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Film screening opens conversation about substance abuse recovery

On the evening of Wed., Feb. 26, in the Tate-Turner-Kuralt building auditorium, the Behavioral Healthcare Resource Program (BHRP) at the School of Social Work hosted a free screening of “The Anonymous People.” It is a feature documentary film about the more than 23 million Americans living in long-term recovery from addiction to alcohol and other drugs.

Deeply entrenched social stigmas have kept recovery voices silent and faces hidden for decades. The vacuum has been filled with sensational mass media depictions of people with addiction that perpetuate a lurid fascination with the dysfunctional side of what is a preventable and treatable health condition.

The moving story of The Anonymous People is told through the faces and voices of citizens, leaders, volunteers, corporate executives, public figures, and celebrities who are laying it all on the line to save the lives of others just like them. This passionate new public recovery movement aims to transform public opinion, engage communities and elected officials, and finally shift problematic policy toward lasting solutions.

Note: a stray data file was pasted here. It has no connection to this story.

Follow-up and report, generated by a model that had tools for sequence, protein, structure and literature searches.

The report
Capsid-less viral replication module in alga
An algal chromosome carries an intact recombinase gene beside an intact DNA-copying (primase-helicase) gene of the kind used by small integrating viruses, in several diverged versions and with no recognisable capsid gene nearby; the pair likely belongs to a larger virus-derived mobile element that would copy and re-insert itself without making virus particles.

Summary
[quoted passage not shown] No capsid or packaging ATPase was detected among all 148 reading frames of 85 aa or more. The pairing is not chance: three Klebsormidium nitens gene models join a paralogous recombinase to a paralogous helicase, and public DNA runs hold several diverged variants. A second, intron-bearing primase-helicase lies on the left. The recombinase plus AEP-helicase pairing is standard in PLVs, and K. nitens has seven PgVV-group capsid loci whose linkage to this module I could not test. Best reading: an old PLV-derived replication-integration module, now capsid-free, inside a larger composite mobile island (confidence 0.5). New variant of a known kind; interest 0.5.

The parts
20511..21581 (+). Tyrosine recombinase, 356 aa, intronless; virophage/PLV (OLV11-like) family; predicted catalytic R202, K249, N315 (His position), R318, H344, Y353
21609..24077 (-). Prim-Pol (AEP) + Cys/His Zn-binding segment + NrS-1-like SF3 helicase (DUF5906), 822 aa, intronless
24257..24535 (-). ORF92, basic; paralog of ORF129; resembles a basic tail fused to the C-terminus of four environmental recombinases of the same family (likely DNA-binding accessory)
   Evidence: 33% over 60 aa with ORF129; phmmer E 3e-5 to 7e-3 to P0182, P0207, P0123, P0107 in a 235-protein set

A panel discussion with behavioral health and public policy experts followed the film, offering attendees the opportunity to ask questions of area leaders and experts. In addition, the discussion highlighted the Carolina Recovery Community, which is growing at UNC.

Event co-sponsors included the UNC School of Social Work; Recovery Communities of North Carolina; Cardinal Innovations Healthcare Solutions; Governor’s Institute on Substance Abuse; and the North Carolina Division of Mental Health, Developmental Disabilities and Substance Abuse Services.

“The Anonymous People is a film designed to open minds and start a conversation about how to help people speak about their recovery,” said Tara Bohley, BHRP’s program coordinator. “Over 90 people attended the screening. We had students from across campus, members of the public, and people in recovery attend, and some shared their stories.”